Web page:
Editor’s Note: Programs Associate Kevin Ruano describes a conversation he had with DC Service Corp member Nayeli Garcia about her openness with others and her quiet confidence.
She sat comfortably on the couch in our community living room. Her voice and laugh may be soft, perhaps would have been drowned by others if we were talking in the dining room where many remained after dinner to keep talking about their days, but don’t let that fool you! Nayeli Garcia, my fellow DC Service Corps volunteer, speaks with resoluteness in the path she has chosen and who she has come to be, and stands willing to share with all in our community the stories that have shaped her and her confidence. Confidence she developed throughout her time contributing to the campus ministry of Neumann University in Pennsylvania.
“I wanted to be sociable. I wanted to be able to talk to anyone about anything,” said Nayeli when reflecting about the goals she had set for herself as a first-year on campus. “And that’s one thing I am really thankful for, at my university I was able to be part of campus ministry,” she continued. “I was able to build those relationships with people.”
According to her, she was able to successfully integrate herself and become a leader in a community with a Catholic faith because she was open to sharing her own experience of dialoging with God. At her first retreat, she saw herself, “having this relationship with God, speaking to him and [hoping] whatever [she] was saying was a way that others can say ‘this person is genuinely opening up to me’”.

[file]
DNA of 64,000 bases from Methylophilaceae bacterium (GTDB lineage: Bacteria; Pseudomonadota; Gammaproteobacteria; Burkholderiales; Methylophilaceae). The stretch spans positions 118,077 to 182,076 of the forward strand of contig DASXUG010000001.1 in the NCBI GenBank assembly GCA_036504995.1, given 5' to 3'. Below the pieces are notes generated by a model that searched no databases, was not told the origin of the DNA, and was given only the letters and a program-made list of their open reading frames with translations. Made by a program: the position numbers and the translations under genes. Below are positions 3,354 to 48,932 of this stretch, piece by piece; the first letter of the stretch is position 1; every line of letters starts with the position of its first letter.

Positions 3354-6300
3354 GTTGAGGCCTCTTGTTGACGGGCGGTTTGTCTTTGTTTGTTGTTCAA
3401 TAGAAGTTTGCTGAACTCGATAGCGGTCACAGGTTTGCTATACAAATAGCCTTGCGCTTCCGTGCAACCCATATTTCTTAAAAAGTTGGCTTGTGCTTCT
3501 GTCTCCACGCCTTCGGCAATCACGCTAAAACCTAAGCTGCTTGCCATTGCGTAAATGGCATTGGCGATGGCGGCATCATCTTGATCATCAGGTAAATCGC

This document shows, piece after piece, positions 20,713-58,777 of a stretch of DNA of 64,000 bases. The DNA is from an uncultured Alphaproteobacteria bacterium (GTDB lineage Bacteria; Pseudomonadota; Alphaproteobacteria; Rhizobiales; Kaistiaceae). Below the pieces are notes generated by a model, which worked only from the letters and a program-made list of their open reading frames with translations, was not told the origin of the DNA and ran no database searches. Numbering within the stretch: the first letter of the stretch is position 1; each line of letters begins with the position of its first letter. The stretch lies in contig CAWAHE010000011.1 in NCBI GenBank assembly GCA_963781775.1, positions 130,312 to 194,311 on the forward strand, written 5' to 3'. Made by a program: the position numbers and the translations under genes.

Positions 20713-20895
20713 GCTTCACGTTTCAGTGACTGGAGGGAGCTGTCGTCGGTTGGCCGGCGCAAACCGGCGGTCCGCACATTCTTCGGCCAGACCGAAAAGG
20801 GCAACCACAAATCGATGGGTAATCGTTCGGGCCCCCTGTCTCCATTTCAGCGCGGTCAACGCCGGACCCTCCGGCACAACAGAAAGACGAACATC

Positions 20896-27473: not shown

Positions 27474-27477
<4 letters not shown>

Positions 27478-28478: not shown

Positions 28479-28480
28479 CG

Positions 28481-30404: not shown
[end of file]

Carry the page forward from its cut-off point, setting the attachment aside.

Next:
During her sophomore year, Nayeli went on a retreat that really surprised her. “People opened up about their relationship with God, their beliefs around love, and why we were all there for a reason,” she said. The retreat gave her the chance to realize that she was never really alone even among strangers. One of the activities included for the participants of the retreat was having a conversation with someone they had never spoken to. Everyone was paired up with a stranger. Her partner was someone on Newman University’s hockey team.
“I always thought ‘ugh, he’s a hockey player’ – they’re the athletes,” said Nayeli as she recalled her initial feelings towards the encounter. “But once you get to meet a person you stop doing that.” She proceeded to reflect, “From there, little by little, I started feeling more confident with myself and actually started leading these retreats.”
Nayeli understands confidence and openness to be the two characteristics of her personality which supported her when she led retreats for her fellow students. She recollected that at one point she told everyone, “I am going to be honest with you I am really awkward and shy but I am going to say it to you guys.” After recognizing or rather, claiming who she was before everyone, she said, “People felt like ‘okay, I can speak to you because you are opening up to me’. They felt very comfortable with me.”
Ironically, Nayeli is not at all shy or quiet about her shyness or being quiet. She has in the past claimed and continues to claim who she is—unafraid to share her true self with her communities. A gift, no doubt, for our own community at the Casa San Salvador. We may have begun to discuss her experiences with campus ministry to discover what matters to her, but our conversation left me knowing that there was something that mattered to both of us—sincerity.
Reflection Question: In what areas of your life is God calling you to be more open?